Perhaps more telling is a comparison of fatal crashes and fatalities. Twenty, or 50 percent of the single-pilot accidents, killed 58 people. Thirty, or about 45 percent of the two-pilot accidents, resulted in 102 fatalities. While these figures show that the percentages of fatal accidents for one- and two-pilot crew are close, more people perished in two-pilot accidents in the 37 years since 1977 when the FAA began certifying specific jets and airmen for single-pilot operations. On average, single-pilot flights had fewer people on board than the aircraft flown by two pilots.
The most common type of accident was a runway excursion on landing–38 incidents, or nearly 36 percent of the total–a percentage that holds true for the type of accident on average incurred by the entire business jet fleet. Most runway excursion accidents or incidents were survivable and, depending on the extent of aircraft damage, some were not even officially reportable to the NTSB. Excursions with far more serious results typically happened when a cockpit crew decided to abort the landing and attempted a go-around with insufficient runway remaining. Notably, our study revealed that TP ops experienced 26 excursions, more than double the 12 for SP landings. Two-pilot ops suffered five go-around accidents versus two for SP ops.
In addition to the Munson accident, there are several other mishaps in which it could be argued that a qualified airman in the right seat might have made a difference in the outcome. For example, a sole pilot flying his U.S.-registered Citation 525 in the UK got into trouble when he apparently got distracted from monitoring the aircraft while using an iPad. According to the UK incident report, as the jet approached its cruising altitude of FL430, the IAS decreased to about 128 knots. The pilot then reduced the rate of climb to 500 fpm. However, over the next 50 seconds, the speed decayed by a further 10 knots. Close to FL430, “the pilot checked his tablet to check the forecast.” At that moment the aircraft pitched severely nose-down and rolled to the right, departing from controlled flight in a series of five 360-degree rolls to the right. The pilot briefly regained control before the aircraft stalled again, and the ensuing recovery overloaded and structurally damaged the aircraft’s wings.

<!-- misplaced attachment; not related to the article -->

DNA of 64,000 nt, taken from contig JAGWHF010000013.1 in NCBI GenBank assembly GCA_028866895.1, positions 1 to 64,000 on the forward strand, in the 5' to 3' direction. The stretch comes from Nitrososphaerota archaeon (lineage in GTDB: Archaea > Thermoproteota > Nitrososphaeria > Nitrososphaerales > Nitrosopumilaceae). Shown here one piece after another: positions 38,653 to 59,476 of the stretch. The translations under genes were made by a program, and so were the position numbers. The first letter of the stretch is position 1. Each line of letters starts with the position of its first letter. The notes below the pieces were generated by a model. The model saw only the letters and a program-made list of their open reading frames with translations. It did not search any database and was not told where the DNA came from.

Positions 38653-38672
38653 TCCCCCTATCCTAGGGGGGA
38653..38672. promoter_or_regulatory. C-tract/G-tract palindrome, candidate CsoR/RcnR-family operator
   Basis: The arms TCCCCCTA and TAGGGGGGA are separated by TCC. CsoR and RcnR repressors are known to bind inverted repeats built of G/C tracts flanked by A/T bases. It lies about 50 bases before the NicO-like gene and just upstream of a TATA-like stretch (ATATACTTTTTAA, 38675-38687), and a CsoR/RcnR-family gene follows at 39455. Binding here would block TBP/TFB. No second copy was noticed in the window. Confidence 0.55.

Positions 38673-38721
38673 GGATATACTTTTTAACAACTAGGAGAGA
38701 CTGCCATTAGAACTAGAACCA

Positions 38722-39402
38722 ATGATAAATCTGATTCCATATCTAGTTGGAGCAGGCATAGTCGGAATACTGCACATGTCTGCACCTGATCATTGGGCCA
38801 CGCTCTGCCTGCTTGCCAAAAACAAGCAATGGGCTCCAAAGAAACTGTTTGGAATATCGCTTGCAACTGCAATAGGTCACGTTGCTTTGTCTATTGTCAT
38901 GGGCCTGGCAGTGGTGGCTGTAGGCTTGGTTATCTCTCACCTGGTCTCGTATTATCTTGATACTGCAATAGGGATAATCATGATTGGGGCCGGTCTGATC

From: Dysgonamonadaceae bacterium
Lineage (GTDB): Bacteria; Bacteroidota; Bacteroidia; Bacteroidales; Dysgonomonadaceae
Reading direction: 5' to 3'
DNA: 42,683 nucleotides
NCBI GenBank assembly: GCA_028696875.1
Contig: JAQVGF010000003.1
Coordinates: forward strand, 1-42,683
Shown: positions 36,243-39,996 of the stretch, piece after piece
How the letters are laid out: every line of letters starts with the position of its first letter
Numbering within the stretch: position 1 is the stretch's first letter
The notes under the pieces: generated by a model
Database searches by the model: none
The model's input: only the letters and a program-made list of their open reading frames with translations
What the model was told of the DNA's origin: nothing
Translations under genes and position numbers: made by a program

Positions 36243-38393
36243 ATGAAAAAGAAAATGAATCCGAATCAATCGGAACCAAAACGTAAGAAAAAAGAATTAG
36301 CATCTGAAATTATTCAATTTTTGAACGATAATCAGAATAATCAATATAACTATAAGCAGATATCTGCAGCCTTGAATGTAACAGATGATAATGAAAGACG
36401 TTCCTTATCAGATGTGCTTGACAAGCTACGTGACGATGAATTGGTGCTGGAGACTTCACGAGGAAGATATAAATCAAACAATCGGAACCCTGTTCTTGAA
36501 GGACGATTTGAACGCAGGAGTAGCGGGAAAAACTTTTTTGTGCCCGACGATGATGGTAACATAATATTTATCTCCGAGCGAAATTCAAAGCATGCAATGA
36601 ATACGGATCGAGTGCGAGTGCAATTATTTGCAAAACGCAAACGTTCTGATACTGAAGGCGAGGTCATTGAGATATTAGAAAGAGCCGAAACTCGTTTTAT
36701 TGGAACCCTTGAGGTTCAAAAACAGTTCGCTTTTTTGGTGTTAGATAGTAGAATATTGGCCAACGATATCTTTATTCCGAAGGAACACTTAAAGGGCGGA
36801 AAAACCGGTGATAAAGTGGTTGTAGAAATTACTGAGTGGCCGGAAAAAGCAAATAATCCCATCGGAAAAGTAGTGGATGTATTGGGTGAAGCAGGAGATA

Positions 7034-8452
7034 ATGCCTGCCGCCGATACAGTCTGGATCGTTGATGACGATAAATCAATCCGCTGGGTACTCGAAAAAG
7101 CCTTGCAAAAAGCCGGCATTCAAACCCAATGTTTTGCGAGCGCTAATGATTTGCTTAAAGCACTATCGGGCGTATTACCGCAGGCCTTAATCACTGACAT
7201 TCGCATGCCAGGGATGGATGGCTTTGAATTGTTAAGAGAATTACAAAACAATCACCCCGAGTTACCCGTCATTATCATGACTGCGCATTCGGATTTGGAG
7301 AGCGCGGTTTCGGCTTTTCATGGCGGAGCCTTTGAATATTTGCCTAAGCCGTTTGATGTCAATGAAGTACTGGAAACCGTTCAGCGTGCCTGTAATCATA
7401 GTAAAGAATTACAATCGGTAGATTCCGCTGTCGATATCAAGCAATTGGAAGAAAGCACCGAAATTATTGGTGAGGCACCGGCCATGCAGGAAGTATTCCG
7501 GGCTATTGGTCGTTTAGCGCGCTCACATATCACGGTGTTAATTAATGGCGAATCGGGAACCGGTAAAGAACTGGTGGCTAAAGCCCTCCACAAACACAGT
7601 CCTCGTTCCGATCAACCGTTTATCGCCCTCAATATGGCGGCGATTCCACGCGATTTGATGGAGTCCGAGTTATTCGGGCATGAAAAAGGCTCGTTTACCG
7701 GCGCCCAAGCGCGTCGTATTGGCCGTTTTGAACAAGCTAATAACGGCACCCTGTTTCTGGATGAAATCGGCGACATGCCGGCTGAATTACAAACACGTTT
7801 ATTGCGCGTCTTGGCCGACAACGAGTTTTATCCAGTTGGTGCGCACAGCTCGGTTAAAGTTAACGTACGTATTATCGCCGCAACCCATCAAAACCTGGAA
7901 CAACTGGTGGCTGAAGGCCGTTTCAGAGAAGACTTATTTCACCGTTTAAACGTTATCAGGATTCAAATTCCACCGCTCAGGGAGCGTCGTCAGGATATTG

Investigations into several fatal SP accidents also might raise the question "Could they have been prevented if operated with two pilots?" At the same time, there are a number of two-pilot accidents in SP-eligible jets for which investigators also placed the probable cause on the pilot, with the exception of a disastrous runway collision.
Most Non-N Aircraft Are Flown TP
Of the 107 total accidents AIN examined, 43 involved non-U.S.-registered airplanes, of which just four occurred under single-pilot command. All but one were fatal. But of the 39 accidents involving non-U.S.-registered jets flown by two pilots, four were fatal. One of the nonfatal single-pilot accidents involving a non-U.S.-registered aircraft was an unintentional gear-up landing in a Citation I/SP.
Another SP accident in a non-N-numbered Citation 525 occurred in the U.S. and was more serious. The NTSB final report says the pilot performed “a low pass” over the runway at Atlantic City Bader Field and then, with a tailwind of about 10 knots, touched down approximately 1,000 feet beyond the approach end of the 2,948-foot-long runway. After touchdown, the airplane continued off the end of the runway and came to rest in the water. The aircraft not only landed long and with a tailwind, but the pilot apparently ignored a notation on the published airport diagram for Bader that read “airport closed to jet aircraft,” according to the Board. The diagram was “found attached to the pilot’s control column” after the accident. The same notation was posted in the FAA Airport/Facility Directory.
As a percentage of total single-pilot eligible models in the fleet, the number of accidents closely reflected the number in the fleet. Therefore, it was not surprising to find that the Citation 500/501/525, with more than 2,600 manufactured, had the most accidents. The Citation 500 was the non-N-numbered model involved in by far the most accidents.
It wasn’t until November 2012 - a full 35 years after jets started gaining approval for single-pilot operation - that an FAA rule took effect that requires single-pilot jet operators to meet basically the same Part 61.58 yearly checks as two-pilot operators had been required to meet for many years previously. Before that mandate, single-pilot jet operators were required to meet essentially the same biennial flight review required of non-jet operators. However, despite the relatively new requirement, there are no marked changes in the ratio of SP versus TP accidents over the last two years, according to AIN’s analysis.
While the emphasis of this article has been on accidents befalling jets flown by one qualified pilot, the data shows that these same models of business jet flown by two qualified pilots experienced nearly an equal share of accidents, many of them under similar circumstances and with the same fatal results. That’s clearly evident when looking at the charts accompanying this article. Certainly, many corporate flight departments perceive having two qualified pilots on passenger flights as providing a higher level of safety than having just one pilot up front. In any case, even if the accident statistics did not support this perception, many flight departments limit their SP missions to maintenance or ferry flights. Take a look at the data presented here, and then you make the call.